Andile Dyalvane’s ‘iThongo’ Goes Home to Ngobozana
For two days in November, the small rural village of Ngobozana in the foothills of the Amathole Mountains in the Eastern Cape was the site of an unusual presentation of art by one of the continent’s most respected ceramic artists. Cape Town-based Andile Dyalvane grew up in the village, roaming the surrounding hills, herding livestock and digging in the rich clay soil lining its riverside ravines. It is a place that moulded him, where he first heard the whispers of his calling as an artist and custodian of his Xhosa heritage. He has travelled the globe for residencies, workshops and exhibitions, but Ngobozana is where he feels most at home. So prior to opening his fourth solo show, entitled iThongo, he and the two galleries representing him – Southern Guild in Cape Town and Friedman Benda in New York – took the entire collection of 19 ceramic sculptures to his family’s homestead in Ngobozana.
iThongo means “ancestral dreamscape” in isiXhosa, a reference to the medium through which messages are transmitted from the ancestors. As such, it is an essential energetic link between the past, the present and the future, and the vital connection that fuels Dyalvane’s artistic practice and spiritual being.
iThongo is an ambitious body of work – a series of sculptural seats hand-coiled in terracotta clay, each standing at almost a metre tall. The design of each backrest is based on a symbol from an extensive lexicon that Dyalvane has devised for important words in Xhosa life – for example, entshonalanga (sunset), igubu (drum), umalusi (herdsman) and izilo (totem animals).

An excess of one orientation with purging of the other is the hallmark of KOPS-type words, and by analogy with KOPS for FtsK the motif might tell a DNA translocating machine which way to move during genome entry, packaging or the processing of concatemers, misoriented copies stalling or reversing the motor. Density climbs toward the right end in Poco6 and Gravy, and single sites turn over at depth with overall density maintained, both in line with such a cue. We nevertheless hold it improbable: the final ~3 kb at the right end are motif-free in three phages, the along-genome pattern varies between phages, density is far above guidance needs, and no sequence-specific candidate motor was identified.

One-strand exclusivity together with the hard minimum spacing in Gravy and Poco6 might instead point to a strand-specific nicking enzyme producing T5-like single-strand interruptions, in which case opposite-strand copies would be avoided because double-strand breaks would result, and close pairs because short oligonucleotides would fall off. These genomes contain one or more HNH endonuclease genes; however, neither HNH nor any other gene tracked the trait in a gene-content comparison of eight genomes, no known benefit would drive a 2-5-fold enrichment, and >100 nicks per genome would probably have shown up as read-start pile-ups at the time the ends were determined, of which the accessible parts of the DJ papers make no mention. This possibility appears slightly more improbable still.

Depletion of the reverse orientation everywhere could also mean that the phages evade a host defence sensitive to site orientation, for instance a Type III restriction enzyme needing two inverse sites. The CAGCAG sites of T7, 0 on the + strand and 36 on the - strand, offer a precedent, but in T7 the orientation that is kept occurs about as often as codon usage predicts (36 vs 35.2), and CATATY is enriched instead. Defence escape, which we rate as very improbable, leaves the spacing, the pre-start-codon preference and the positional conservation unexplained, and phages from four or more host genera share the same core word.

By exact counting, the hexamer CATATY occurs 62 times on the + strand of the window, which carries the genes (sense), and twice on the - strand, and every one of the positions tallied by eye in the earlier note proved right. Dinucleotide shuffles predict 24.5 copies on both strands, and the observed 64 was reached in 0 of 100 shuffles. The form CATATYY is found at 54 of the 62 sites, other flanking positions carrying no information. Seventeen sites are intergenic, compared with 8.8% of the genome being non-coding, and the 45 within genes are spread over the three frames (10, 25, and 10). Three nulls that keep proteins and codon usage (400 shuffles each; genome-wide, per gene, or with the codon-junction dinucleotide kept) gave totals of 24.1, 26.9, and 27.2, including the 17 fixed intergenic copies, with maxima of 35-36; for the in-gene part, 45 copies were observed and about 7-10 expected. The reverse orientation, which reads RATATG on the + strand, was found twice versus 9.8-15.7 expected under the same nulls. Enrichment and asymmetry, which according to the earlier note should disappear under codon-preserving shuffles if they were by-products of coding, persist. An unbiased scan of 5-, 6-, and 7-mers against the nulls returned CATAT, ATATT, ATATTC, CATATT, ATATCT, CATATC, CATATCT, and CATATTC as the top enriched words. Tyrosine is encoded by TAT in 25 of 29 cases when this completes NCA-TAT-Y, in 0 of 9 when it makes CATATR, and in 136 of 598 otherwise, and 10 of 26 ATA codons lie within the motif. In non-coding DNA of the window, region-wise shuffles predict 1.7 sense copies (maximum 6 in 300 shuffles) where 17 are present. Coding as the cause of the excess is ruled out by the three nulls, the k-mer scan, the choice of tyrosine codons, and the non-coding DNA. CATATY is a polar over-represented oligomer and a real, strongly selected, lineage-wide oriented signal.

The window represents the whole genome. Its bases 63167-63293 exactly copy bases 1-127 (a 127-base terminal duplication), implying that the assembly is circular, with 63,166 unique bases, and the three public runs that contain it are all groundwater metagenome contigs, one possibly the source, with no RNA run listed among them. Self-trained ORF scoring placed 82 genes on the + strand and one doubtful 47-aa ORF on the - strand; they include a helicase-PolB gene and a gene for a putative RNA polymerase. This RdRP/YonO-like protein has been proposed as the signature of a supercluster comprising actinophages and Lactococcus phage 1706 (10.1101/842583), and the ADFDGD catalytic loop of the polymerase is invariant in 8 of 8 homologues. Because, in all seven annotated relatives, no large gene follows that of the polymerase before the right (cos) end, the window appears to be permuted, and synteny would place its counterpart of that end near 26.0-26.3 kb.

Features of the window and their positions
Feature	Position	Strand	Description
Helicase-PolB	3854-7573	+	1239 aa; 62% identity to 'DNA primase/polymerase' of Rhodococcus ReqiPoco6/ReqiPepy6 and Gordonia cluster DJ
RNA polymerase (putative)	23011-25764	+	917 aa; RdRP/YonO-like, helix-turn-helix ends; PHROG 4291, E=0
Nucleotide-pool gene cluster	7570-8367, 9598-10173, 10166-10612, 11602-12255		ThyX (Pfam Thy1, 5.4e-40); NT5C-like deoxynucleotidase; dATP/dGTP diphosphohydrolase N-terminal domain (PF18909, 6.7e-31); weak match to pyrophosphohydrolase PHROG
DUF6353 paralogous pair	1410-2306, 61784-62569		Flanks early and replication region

From 21-22 November, 18 of the ceramic seats were displayed in Dyalvane’s family kraal, forming an ihlelo (seating arrangement) for use during ceremonial activities. Family members and guests sat upon the chairs as the community gathered to celebrate one of their own, honour their forebears, feast, sing and dance.
“In all humbleness I wanted to help those at home to see themselves – how worthy and great they all truly are. Showing this collection first in Ngobozana was essential for restorative healing – for the sake of my ancestors and every person in my village. When we gather together to remember our origins and join together in song and celebration, we reconnect to our deepest dreams and proud truths. Camagu!” said Dyalvane.
Dyalvane presented the people of Ngobozana with 100 terracotta beer pots – one for every household – to use for drinking umqombothi (traditional beer). The gesture recalls an earlier gift about 10 years ago, when he returned home bearing a unique clay vessel for his father, to replace the plastic or metal buckets that have become so common. It was intended to demonstrate the ceramicist he had become in Cape Town, but it unfurled into a moment of profound awakening for Dyalvane as it set in motion a renewed embrace of Xhosa tradition among his immediate community.
One of the works from iThongo has stayed behind in Ngobozana: uMalusi, meaning “shepherd” or “the watcher”, installed as a piece of public sculpture on the hilltop opposite the village, where it looks out over his ancestors’ graves. It was here that his family lived before the Apartheid government forcibly removed them in 1965 and relocated them to the current site of Ngobozana. Raised on a plinth, the work is an offering from Dyalvane to the surrounding villages, an invitation to grieve what was lost, come together in song and heal the scars of displacement.